The region of Central America King Ferdinand divided into two provinces, in 1509, and prepared to plant colonies there. One of these provinces he placed under the command of the navigator Ojeda, and the other under Diego de Nicuesa. Late in the autumn Ojeda sailed from Haiti, accompanied by Pizarro, who afterward became the energetic and cruel conqueror of Peru. Hernando Cortez, who was afterward the Indian conqueror of Mexico, would have sailed with Ojeda, had not a violently inflamed eye prevented. Ojeda was also accompanied by some friars whose chief business at the outset seems to have been the reading aloud to the natives, in the Latin language, a proclamation by the Spanish leader which had been prepared by learned divines in Spain. It declared that God who made them all, had given in charge of one man, named Saint Peter, who had his seat at Rome, all the nations of the earth with all the lands and seas on the globe; that his successors at Rome called Popes, were endowed in the same way by God; that one of them had given to the Spanish monarchs all the islands and continents in the Western Ocean; that all natives yet found had given cheerful submission to whatever the soldiers and priests required of them, and that the natives of the land before him were expected to do the same. In the event of their willing submission, he promised them many favors. "If you do not this," he said, "or wickedly and intentionally delay to do so, I certify to you, that, by the aid of God, I will powerfully invade and make war upon you in all parts and modes that I can, and will subdue you to the yoke and obedience of the Church and his majesty; and I will take your wives and children and make slaves of them, and sell them as such, and dispose of them as his majesty may command; and I will take your effects, and will do you all the harm and injury in my power, as vassals who will not obey or receive their sovereign, and who resist and oppose him. And I protest that the deaths and disasters which may in this manner be occasioned, will be the fault of yourselves, and not of his majesty, nor of me, nor of these cavaliers who accompany me."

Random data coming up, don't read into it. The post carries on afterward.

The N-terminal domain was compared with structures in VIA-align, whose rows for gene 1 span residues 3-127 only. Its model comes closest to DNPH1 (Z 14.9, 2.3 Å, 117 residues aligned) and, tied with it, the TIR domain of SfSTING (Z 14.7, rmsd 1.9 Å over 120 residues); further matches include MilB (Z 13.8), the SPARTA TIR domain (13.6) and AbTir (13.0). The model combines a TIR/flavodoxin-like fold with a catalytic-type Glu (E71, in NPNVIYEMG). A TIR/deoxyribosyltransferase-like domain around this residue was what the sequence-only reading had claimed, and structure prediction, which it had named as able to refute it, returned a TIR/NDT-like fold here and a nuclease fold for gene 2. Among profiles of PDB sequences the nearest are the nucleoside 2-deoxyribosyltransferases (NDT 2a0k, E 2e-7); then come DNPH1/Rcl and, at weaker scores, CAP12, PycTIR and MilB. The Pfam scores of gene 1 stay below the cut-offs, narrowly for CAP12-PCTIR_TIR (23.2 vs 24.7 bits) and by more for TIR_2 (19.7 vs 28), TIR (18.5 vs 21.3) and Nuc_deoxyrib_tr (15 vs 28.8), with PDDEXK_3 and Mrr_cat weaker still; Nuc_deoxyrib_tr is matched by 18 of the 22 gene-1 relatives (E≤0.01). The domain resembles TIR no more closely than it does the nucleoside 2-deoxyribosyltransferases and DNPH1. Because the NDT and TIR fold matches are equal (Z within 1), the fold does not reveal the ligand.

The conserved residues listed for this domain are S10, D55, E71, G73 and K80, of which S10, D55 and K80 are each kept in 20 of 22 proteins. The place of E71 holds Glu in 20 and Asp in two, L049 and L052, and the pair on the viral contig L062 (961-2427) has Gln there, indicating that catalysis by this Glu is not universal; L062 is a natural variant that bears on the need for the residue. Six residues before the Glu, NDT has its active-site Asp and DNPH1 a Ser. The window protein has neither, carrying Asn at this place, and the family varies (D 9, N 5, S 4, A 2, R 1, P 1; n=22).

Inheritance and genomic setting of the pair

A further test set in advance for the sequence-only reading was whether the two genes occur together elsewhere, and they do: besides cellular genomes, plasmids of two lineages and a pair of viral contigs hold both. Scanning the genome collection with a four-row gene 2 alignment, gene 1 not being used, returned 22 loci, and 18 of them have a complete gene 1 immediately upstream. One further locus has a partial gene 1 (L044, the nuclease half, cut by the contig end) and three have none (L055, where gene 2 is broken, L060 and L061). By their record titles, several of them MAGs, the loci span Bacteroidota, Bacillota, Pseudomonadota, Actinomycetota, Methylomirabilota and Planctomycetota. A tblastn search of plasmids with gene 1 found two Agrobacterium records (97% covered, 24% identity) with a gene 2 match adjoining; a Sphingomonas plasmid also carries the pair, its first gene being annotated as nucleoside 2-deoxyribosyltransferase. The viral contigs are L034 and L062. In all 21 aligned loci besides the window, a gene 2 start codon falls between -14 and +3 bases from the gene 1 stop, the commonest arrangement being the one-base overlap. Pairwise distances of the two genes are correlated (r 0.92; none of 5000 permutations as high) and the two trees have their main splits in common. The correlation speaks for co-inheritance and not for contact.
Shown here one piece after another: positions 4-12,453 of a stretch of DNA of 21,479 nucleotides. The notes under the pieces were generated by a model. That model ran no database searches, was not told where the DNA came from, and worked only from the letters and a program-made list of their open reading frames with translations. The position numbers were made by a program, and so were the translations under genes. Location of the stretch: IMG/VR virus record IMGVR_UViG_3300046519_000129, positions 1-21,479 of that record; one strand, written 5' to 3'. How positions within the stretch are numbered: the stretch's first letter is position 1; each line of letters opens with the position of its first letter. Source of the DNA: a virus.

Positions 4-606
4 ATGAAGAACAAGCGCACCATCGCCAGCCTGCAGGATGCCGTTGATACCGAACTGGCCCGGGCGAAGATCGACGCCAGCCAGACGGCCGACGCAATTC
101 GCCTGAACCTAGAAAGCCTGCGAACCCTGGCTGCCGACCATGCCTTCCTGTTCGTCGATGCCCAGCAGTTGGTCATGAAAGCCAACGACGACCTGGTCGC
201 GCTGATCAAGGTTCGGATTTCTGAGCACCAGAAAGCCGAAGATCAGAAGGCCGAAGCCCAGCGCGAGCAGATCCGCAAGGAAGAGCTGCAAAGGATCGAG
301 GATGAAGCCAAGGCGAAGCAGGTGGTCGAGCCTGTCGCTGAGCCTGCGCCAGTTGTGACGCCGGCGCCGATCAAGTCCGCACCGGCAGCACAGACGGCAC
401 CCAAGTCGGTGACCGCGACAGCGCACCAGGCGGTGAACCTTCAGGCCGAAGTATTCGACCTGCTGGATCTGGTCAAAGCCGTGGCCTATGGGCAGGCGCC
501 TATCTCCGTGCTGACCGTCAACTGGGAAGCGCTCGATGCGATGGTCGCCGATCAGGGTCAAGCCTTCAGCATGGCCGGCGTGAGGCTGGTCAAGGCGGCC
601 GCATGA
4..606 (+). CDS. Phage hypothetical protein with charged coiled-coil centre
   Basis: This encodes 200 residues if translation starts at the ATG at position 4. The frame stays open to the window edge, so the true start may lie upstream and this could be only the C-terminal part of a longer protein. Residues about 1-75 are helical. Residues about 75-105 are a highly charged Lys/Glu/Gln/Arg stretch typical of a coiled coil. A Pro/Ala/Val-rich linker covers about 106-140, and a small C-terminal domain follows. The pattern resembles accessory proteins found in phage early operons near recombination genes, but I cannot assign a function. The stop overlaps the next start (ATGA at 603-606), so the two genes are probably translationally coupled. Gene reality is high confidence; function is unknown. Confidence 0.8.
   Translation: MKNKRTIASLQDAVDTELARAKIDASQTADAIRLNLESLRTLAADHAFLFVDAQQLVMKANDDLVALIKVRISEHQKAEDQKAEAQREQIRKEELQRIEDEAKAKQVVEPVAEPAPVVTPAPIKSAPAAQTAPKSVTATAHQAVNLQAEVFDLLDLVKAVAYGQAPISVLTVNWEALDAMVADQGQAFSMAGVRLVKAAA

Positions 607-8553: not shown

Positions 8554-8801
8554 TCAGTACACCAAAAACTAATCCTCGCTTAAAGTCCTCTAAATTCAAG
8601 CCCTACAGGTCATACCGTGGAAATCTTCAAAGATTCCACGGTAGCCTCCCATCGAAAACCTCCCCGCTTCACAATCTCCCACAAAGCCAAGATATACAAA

This infamous proclamation which justified murder and robbery under the sanction of that religion the chief attributes of which are justice, benevolence and mercy, was adopted as the formula, and indicated the spirit of the Spanish invaders of America afterwards. Although read aloud by the friars, the pagans could not understand a word of it. The Christians did not expect them to understand it. Their offices were fulfilled when the Latin words had gone into the ears of their dusky listeners. The consequences must be borne by the wondering heathen!
Delay in making a willing submission was speedily followed by violence. The natives were attacked by the intruders and some of them were killed. Some were sent captive to the ships. Ojeda, apprehending no danger, permitted his followers who were on shore to roam in quest of booty. He was mistaken. The outraged Indians gathered stealthily and attacked the Spaniards furiously with poisoned arrows. Ojeda and a few soldiers took refuge in a small cabin, where all but himself were slain. He was a small man and found shelter from a shower of arrows, under his buckler, for awhile, when he sprang from his covert like a tiger and cutting his way through the multitude uninjured, he found shelter and concealment among the matted roots of mango trees at the wooded base of a mountain. There he was found by his followers, almost dead with fatigue and hunger, and was carried to his ship.